“The Militarization of Knowledge,” the latest special issue of *b*oundary 2, edited by Paul A. Bové,* *is now available.

The growth of the military and its role in producing and controlling knowledge has reordered the entire system of knowledge production and reproduction in advanced societies. The military has had a profound influence on what is thought, on the style of thinking, and the topics developed. This issue addresses the implications of these facts and how one might best think critically about this process.

Articles in this issue address the expanse of militarization and the positive and negative results of state action on knowledge.

The issue concludes with deep reflection on the consequences of such militarization to the exploration of thought problems within the social order and wonders about the results of centering the power over truth so much within the desiring apparatus of the war machine.

Read the introduction, made freely available.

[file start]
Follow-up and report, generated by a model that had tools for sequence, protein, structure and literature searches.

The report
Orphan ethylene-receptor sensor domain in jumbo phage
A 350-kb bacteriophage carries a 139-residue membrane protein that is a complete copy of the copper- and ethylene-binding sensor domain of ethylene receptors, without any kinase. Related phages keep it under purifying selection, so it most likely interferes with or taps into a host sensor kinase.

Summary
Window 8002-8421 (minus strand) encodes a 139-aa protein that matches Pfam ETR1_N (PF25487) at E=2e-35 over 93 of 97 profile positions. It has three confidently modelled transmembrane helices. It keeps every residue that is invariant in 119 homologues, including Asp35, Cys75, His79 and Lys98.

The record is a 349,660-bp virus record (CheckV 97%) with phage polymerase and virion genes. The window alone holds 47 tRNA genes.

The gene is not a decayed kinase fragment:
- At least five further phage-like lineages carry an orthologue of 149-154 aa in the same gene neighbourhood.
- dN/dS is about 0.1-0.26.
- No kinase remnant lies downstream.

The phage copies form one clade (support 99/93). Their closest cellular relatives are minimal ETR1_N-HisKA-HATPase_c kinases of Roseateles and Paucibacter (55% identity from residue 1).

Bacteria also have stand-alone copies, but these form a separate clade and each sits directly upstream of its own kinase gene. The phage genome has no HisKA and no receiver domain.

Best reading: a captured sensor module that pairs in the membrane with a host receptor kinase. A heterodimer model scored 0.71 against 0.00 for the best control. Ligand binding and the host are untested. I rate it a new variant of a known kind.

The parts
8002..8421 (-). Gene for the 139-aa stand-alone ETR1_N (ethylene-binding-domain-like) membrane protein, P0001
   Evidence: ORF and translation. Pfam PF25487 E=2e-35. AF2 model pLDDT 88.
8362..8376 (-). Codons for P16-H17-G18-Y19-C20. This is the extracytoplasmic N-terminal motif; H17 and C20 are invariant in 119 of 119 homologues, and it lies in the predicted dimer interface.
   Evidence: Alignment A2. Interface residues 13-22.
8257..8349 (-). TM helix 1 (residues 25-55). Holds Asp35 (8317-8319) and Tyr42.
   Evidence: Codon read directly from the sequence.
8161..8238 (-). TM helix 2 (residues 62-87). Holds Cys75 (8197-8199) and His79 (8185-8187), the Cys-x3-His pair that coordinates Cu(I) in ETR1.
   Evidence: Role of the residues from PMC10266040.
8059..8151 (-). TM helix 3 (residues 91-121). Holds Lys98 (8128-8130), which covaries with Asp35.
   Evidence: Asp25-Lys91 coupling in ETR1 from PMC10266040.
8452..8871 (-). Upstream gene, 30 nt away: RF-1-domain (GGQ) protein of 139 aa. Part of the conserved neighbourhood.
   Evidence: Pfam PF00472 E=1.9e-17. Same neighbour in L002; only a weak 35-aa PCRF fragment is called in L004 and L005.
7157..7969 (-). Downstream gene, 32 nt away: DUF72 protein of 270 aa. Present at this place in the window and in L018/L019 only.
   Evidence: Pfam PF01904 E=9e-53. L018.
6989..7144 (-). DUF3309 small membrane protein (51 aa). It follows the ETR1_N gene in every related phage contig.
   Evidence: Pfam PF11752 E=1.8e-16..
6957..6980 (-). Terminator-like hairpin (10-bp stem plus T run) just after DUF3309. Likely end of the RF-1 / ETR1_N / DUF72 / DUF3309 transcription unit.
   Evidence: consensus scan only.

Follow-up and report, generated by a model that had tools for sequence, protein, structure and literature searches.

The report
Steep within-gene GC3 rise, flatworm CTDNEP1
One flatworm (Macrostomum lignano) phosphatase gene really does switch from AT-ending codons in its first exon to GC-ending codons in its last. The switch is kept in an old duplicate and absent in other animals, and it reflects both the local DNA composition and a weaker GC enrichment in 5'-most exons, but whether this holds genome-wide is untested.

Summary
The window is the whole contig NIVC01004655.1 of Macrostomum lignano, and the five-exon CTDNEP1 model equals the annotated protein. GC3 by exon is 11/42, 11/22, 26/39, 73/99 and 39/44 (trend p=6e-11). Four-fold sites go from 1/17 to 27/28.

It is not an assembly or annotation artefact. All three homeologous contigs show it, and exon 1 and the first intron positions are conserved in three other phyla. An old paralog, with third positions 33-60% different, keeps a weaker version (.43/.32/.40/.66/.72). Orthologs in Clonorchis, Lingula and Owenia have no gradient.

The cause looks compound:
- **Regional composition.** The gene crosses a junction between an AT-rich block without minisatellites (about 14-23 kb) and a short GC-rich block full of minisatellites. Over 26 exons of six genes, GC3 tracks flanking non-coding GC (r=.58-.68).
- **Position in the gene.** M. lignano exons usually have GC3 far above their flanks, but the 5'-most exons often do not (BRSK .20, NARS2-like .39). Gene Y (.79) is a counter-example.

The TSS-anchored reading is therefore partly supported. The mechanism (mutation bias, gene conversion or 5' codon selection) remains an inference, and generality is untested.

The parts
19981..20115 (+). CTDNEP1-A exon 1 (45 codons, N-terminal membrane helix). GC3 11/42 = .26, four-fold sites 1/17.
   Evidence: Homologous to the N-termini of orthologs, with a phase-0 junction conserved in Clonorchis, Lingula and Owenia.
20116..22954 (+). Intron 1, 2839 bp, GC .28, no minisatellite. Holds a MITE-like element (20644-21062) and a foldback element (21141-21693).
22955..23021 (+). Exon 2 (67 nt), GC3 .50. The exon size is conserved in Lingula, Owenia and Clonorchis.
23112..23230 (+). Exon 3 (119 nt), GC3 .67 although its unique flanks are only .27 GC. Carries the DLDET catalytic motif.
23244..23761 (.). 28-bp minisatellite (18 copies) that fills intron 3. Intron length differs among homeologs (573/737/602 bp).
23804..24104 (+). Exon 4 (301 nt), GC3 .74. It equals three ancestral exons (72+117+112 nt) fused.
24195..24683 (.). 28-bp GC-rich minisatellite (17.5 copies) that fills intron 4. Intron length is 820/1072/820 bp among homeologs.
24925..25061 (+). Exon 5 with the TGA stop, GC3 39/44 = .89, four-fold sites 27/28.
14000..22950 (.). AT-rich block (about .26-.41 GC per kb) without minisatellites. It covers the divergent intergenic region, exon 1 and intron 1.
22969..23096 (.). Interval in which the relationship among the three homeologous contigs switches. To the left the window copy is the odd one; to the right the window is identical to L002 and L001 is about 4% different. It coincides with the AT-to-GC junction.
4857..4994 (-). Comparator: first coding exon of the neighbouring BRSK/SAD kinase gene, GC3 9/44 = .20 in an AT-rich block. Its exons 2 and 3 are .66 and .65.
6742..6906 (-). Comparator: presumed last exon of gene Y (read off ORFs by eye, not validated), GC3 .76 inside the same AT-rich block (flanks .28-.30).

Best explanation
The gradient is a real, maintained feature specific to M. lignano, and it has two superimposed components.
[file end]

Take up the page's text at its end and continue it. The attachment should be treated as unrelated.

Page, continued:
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SOME SPECIFIC STUDIES

Author Horia Orasanu

This gathering offers an opportunity for a small, interdisciplinary group of researchers from around the world to meet colloquium on the theme “Mathematical learning from childhood to adulthood and other studies as doctoral

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CURRICULUM VITAE and themes afferent ; so

ABSTRACT Consider a rigid body for which all of the principal moments of inertia are distinct. Let $I_{z’z’} > I_{y’y’} > I_{x’x’}$. Suppose that the body is rotating freely about one of its principal axes. What happens when the body is slightly disturbed?

Let the body be initially rotating about the $x’$-axis, so that

\begin{displaymath} \mbox{\boldmath$\omega$} = \omega_{x’}\,{\bf e}_{x’}. \end{displaymath} (577)

If we apply a slight perturbation then the angular velocity becomes

\begin{displaymath} \mbox{\boldmath$\omega$} = \omega_{x’}\,{\bf e}_{x’} + \lambda\,{\bf e}_{y’} + \mu\,{\bf e}_{z’}, \end{displaymath} (578)

where $\lambda$ and $\mu$ are both assumed to be small. Euler’s equations (504)-(506) take the form